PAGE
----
Swarovski X5 Riflescope Review
This low weight was quite an attractant to me.The X5 weighs 30 ounces without the lighted reticle (which I don’t need) making it a full 9 ounces lighter than the Nightforce ATACR. I don’t need a lighter weight in a 5-25x56 scope when hunting from a stationary position in Wisconsin. But with boots on the ground for miles in a day out west, saving 9 ounces would be wonderful.
As an example, I left my house at 3 am on the day after Thanksgiving last fall on a 16 hour, straight-through solo drive for just one possible day of mule deer hunting (and scouting for 2016). It is a new spot on BLM land referred to me by one of my rifle customers just a few days before Turkey Day. On that single day of DIY hunting I hiked 7.5 miles up and down hills with 39 pounds of gear and extra clothing to handle the typical temperature swings and potential precip and other emergency surprises out there.
So when the X5 arrived a few months ago I was eager to put it through an optics test. I gathered up several other high quality scopes I use plus a Vortex Razor HD Gen II which I don’t use but which has a great reputation, especially from the tactical crowd.
The least expensive competitors’ scope was a Huskemaw 4-16x42 priced at $1,250. I had shot my 195 gross mule deer last September with it. There was a Nightforce NXS in 5.5-22x50 at $2,000, a Vortex Razer HD GEN II at $2,500 and lastly the Nightforce ATACR Enhanced model in 5-25x56 at $2,300. The Swarovski 5-25x56 X5 comes in at about $3,300.
I set them up on a table in my garage and pointed them all down the street at a neighbor’s mailbox. Then over the next 36 hours I came out and peered through each of them under varying light conditions for brief periods. That first day I ended my test session after legal hunting hours would have expired. I started the next morning at oh-dark-thirty and paid attention during the cloudy-bright mid-day as well. Again that day I ended my test just after legal hunting hours would have expired.
As you know, today’s available optics are pretty darn good when you get above a certain price point - especially in bright daylight. The difference in quality starts to show more in dim lighting and when glare or flare may present itself.
At the end of this first 36 hour test session I easily concluded that the practical optics performance level of the various rifle scopes clearly tracked their price point.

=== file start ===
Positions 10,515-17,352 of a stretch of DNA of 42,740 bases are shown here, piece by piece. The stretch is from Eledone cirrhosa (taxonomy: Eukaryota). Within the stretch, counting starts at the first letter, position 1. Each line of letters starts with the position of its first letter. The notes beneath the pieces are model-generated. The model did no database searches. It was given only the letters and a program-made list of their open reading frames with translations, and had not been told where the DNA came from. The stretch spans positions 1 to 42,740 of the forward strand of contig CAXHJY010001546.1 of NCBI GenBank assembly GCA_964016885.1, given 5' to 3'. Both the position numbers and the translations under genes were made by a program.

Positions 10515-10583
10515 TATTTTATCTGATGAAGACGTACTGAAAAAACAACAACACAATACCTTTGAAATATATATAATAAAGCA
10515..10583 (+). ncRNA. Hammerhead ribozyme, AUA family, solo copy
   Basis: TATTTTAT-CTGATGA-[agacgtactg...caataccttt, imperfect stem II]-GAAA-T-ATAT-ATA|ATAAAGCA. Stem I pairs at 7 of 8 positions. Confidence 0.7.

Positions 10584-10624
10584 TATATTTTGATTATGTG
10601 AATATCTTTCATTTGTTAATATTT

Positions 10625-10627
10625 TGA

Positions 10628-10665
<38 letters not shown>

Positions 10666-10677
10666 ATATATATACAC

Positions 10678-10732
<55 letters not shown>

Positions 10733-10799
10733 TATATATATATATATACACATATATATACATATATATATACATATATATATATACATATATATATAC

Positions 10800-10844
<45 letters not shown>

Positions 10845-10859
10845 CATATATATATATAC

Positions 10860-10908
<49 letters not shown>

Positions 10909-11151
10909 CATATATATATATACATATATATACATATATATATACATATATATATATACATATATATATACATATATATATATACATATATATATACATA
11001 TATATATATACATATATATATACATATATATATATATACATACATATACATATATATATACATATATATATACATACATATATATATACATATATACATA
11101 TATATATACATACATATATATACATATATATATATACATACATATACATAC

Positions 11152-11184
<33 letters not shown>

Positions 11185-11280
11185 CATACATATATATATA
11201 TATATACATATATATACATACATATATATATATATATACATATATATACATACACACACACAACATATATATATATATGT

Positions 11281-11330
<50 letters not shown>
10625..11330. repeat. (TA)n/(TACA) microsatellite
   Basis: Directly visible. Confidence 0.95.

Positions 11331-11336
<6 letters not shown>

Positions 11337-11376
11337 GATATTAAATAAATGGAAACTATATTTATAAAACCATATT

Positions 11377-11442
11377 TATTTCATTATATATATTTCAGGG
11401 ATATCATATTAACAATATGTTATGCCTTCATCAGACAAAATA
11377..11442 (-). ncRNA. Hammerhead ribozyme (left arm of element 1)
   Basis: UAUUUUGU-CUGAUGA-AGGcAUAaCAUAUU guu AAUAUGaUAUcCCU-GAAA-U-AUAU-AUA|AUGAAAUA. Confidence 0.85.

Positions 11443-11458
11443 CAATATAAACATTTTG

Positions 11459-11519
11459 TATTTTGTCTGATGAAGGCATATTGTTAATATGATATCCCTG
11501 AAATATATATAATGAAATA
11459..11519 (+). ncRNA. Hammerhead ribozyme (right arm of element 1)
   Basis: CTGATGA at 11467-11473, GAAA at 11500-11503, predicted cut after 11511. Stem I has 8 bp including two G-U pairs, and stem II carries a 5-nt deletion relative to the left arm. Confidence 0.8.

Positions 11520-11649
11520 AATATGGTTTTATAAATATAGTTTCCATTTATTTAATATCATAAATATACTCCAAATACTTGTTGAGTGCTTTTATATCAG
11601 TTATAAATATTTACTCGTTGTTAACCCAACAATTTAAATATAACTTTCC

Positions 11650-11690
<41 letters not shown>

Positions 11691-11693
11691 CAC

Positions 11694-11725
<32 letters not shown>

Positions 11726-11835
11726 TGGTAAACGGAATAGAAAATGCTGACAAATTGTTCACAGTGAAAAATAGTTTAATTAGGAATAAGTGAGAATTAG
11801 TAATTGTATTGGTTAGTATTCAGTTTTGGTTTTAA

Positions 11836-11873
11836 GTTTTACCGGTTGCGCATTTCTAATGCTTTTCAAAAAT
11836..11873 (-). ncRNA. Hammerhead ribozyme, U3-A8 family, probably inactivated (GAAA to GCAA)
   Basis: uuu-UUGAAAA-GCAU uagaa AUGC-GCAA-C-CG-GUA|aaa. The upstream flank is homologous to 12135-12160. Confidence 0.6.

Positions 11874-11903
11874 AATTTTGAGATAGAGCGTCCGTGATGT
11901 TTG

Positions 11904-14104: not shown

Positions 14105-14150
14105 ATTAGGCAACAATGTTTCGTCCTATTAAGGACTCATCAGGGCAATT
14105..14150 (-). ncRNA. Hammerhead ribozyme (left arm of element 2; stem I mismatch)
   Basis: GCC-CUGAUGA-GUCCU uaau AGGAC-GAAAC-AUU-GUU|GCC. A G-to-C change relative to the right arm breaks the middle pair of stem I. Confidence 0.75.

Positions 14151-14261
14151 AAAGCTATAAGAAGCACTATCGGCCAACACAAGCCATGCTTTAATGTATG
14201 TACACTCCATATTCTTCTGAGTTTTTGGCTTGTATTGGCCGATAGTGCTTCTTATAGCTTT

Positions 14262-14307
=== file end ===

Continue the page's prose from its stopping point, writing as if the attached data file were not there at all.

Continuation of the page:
The X5 was the brightest in dim light. The X5 had the least flare or glare in cases with a bright sky above a darker background. Its resolution was also slightly sharper in optimum lighting but this was only an academic difference -- not a practical one under perfect lighting conditions. They are all better than they need to be at reading mailbox numbers in perfect lighting.
There was also a noticeable difference in contrast shown by the X5. Contrast is a more subtle factor in contribution to practical optics performance. And it along with superior color fidelity helps in spotting game. I have owned many thousands of dollars’ worth of high end optics since becoming a serious photographer many years ago. Of the camera lenses I currently own, one cost $5,000 and another cost $9,000. You do get what you pay for, especially when talking about high end optics for either serious photography or for hunting.
I have other less expensive camera lenses that will record a picture of a soaring eagle or of a bull elk accurately. But those images will not have the sharpness, contrast, color fidelity and bokeh (means punch) of the more expensive lenses.
This is true of rifle scopes as well. All the rifle scopes that my son and main hunting partner Andy and I use are far better than what one needs to take a 6 point bull in good lighting. But the best ones do it in all kinds of lighting conditions. And Swarovski Optics products also just simply make the experience a joy!
On my trip to Arizona in March I had my first chance to shoot with the Swarovski X5 scope. I first checked my 100 yard zero at the fantastic Ben Avery Range just north of Phoenix. The mechanical design of the turret system and its zero stop method are quite original and unique. I took a few minutes with the user guide to help me walk through the process for the first time. I really like it.
Fifteen years ago I missed a nice whitetail buck at only 500 yards with a Nightforce NXS scope that did not have a zero stop. And it had only 10 MOA per revolution. It had taken me two obviously clean misses to realize my turret was probably on the wrong revolution. I got down from my deer stand immediately, verified and corrected the mistake and the next day killed this same buck.
The X5 not only has a zero stop but it also has a revolution counter that is very visible. If the last time you used your rifle you verified your drop chart on steel at 1,200 yards (and left it set on its second revolution), there is no way you would not now easily notice that you were still set on revolution #2.
Swarovski has utilized stainless steel parts in this new turret system for maximum accuracy, repeatability and durability. The scope tube thickness was beefed up to improve ruggedness.
On two of my own rifles I have had the opportunity to do repeatability tests with two different X5’s. Each time after I mounted a new scope I first shot twice at 100 yards. Then I dialed up 20 MOA, fired two more shots, dialed back down 20 MOA and fired a final two shots. Both scopes performed perfectly. The click adjustments have a very solid and confident feel to them.
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